It tickles me that you frame it this way. This is kind of like what I’m always thinking about the attitudes of so many people about homosexuality, among other things. From where I sit, it looks like they make a ‘God’ in their own fearful, small-minded image, then pretend that it was the other way around. I keep wondering: don’t their heads explode when they try to imagine a being magnificent enough to have created the universe on the one hand, and petty and nasty enough to judge their fellow creatures as they do on the other…..?

  5. #5 Troy Britain
    May 30, 2006

    The html tag you want is [blockquote]blah, blah.[/blockquote], only exchange the [ ] with angle brackets >.

  6. #6 386sx
    May 30, 2006

    In the Nelson-Miller exchange Mr. Nelson says:

    The true explanation for the broken window, etc., cannot be found in physics, chemistry, or any other science which treats naturally-occurring regularities (typically described by equations). Rather, to explain the pattern, we must refer to a particular intelligent agent, namely, the thief.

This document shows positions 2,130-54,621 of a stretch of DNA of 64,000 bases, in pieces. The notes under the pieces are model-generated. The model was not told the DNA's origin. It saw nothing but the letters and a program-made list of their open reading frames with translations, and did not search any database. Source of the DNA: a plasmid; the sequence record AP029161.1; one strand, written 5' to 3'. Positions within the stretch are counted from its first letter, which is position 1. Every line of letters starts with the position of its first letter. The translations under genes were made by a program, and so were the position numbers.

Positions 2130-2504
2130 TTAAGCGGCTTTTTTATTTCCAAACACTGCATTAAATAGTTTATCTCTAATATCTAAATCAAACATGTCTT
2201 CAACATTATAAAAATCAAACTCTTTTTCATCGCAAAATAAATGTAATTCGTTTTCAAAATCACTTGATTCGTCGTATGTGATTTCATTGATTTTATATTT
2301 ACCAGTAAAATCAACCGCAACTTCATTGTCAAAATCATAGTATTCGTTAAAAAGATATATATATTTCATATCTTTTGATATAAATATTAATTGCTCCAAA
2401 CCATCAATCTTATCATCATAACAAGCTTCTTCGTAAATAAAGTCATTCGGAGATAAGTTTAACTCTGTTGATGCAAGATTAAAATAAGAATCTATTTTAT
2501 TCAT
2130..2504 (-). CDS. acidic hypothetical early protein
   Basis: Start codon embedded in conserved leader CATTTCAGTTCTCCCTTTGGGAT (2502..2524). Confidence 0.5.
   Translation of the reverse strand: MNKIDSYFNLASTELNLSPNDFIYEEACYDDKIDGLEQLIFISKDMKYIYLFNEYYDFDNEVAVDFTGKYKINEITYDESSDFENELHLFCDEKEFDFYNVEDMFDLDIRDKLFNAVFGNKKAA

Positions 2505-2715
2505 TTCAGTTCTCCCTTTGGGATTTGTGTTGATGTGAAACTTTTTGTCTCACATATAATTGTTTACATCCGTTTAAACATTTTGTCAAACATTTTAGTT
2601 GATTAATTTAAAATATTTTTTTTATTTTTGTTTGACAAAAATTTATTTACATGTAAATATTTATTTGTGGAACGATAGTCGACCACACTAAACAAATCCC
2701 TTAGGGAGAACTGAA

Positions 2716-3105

But previously in the exchange he said:

    Indeed, given the problem of induction, exhausting all the possible natural mechanisms would be impossible in any case.

    It seems to me that if you could never exhaust all the possible natural mechanisms, then the “true explanation for the broken window, etc.,” can be found in “physics, chemistry, or any other science which treats naturally-occurring regularities (typically described by equations),” contrary to Mr. Nelson’s suggestion that it cannot be found there. In other words, Mr. Nelson is contradicting himself. But I’m no expert. Maybe such imprecision is allowed in theological debates. Or maybe I’m just missing something and it’s not really a case of bad logic. I dunno. Good luck!

  7. #7 Matthew
    May 30, 2006

    I made it into a PDF if anyone wants that. 10kb smaller and easier to read (i think).

  8. #8 Matthew
    May 30, 2006

    Wow, Nelson seems to believe chemistry and physics are the only 2 sciences. When I go to the park and “guess” what the ducks will do when I throw bread in their direction I’m apparently participating in theology. Economists predicting the types of choices people will make? Obviously wasting their time.

  9. #9 JanieM
    May 30, 2006

    Troy — thanks.